DAN: I think the closest that I’ve gotten to, in setting up one of my classes is, sometimes we’ll have a topic that we’ll debate. So I’ll say, “Take a pro side or a con side and debate this,” but it’s self-selected. This is really intriguing the way that you had it, Kristen, the challenge of course is the Leaders got to be active early in the week because, you know, that’s, if they’re not, then everyone’s kind of waiting for the Leader to get things started.
KRISTEN: There were times where other people, I mean, they’re, they’re the very engaged students who say, “I really want to jump in. Do I have to wait for the Leader to do it? Can I start earlier?” Of course you can. Like, there’s nothing that says the Leader has to start. It it’s just that somebody does.
I’m interested, Leigh, I actually, and Josh, too… cause it sounds like there was some on-site things that you had to do. How did that work in conjunction, I guess, with an online program?
LEIGH: From my… I’m trying to remember the details. You know, I have distinct memories of going out to one of our local, um, preserves in Maryland. We were doing like water quality tests and different plant identification, reporting on what we had seen, kind of walking through the analysis process, the type of equipment that was used. I actually really liked it. I, I wish there were more of those classes. But I definitely, uh, saw that it was possible to introduce that type of component to an online course. And then we would just come back to the classroom discussion and chat about what our experiences were. It was just a nice varied approach from what we were doing before.
DAN: And that field work was something you were doing by yourself. I mean, you lived in southern Maryland at the time?
LEIGH: Yes. Yes.
DAN: So there were no, no other people from class.
LEIGH: Exactly. Everybody, you know, picked where they wanted to go and what they wanted their field work to be. So everybody has different experiences in different environments in which they were conducting their field work, which of course contributed to a more colorful discussion, too.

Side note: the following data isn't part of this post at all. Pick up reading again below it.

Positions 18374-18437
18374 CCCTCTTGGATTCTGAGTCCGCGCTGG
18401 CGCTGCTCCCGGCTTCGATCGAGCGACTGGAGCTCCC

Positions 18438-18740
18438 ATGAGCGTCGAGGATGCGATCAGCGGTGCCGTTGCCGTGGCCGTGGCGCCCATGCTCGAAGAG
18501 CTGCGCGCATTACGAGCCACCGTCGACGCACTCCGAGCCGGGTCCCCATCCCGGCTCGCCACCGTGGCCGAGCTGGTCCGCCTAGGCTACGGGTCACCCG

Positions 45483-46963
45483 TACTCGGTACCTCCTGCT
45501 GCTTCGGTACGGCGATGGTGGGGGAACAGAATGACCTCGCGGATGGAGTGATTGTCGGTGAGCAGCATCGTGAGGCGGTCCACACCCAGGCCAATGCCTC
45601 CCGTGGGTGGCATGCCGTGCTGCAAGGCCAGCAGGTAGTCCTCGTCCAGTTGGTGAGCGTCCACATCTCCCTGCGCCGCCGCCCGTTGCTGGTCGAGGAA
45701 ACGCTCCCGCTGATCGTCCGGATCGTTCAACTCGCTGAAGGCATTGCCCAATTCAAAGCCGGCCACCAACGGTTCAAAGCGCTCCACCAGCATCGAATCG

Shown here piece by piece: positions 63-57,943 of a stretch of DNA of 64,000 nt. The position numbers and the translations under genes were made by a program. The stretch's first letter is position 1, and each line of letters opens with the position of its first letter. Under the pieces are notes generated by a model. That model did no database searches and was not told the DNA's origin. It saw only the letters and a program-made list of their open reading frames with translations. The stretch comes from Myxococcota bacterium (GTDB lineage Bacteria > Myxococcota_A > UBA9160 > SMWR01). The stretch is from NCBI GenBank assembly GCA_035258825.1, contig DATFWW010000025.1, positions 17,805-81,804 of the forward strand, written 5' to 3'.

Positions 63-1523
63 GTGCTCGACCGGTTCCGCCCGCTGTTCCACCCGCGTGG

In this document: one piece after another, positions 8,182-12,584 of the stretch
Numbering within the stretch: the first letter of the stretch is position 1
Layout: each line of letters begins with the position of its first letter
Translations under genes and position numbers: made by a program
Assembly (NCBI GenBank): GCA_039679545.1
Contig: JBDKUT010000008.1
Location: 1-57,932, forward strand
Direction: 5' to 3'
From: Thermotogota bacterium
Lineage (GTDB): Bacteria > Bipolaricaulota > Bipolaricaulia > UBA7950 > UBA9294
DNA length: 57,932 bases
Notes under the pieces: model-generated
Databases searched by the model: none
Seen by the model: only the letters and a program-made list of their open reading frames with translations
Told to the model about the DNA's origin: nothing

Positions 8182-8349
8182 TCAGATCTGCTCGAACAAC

KRISTEN: I would think that that would be really interesting because you’re not all just in one place doing the same type of work. You’d have these varied experiences and varied results in things to talk about. I love that!
LEIGH: Yeah, it was great. It was. I thought that was a lot of fun. I wanted more (laughing).
DAN: We’ll work on that!
Josh was all of your stuff online or did you have anything on campus?
JOSH: Everything, as far as the course stuff was online. Dr. Warren was supposed to come visit during that clinical teaching time with me, and that’s when we had to do the virtual, because the way the school system was cracking down on COVID, and so instead of her being able to come in and see more of the hands-on stuff that I was able to incorporate, she had to see it virtually.
And sometimes that was challenging because if I was going to take them to the shop to do a hands-on demonstration, I would have to make sure I had a computer set up out there with a camera, so everything was turned and set so that she could see what was going on.
DAN: I’m impressed how technology really helped you connect with multiple parties and provide both classroom- and field-based experiences. We’re coming to the end of our time together but I do want to get your insights on one more topic. Kristen, because it’s been the longest since you were a student, what advice do you have for other potential students or learners who are either already in a program doing online work, or considering going into an online program? Is there any advice you have for the young Kristen?
KRISTEN: Do it! (laughing) Um, I also think… use all of the resources that are made available to you. Find out what those are. Use your professors. They are there for you and can help guide you.
It’s very easy to feel like you can sit back and in an online environment and hide behind that screen. And I would really encourage, uh, students to not do that because you’re not going to get the most out of that program. And you may not be as successful and you may not want to continue if it’s just that type of experience.
And then time management. I mean, my goodness, it’s a cliched answer, but there you go (laughter).
DAN: That’s the woman who worked the graveyard shift (laughter), yeah, indeed.
DAN: Leigh, what advice do you have for people who might be thinking about an online program?
LEIGH: I would say, yes, if, if you want to see a change in your life, and you’re thinking about pursuing further education, don’t hesitate. How old was I? Forty-seven, when I went back to school, and I had anxiety about that. I’m glad that I did it. It’s done now. The degree helped me to get where I wanted to be. It was hard. It wasn’t like it was easy. But I’m thrilled that I’m now on the other side of it, I feel better for it. I’m just, I’m just so glad that I did it and I would just encourage anybody else who’s thinking about it, at whatever stage in life. It’s not too late. Just go for it!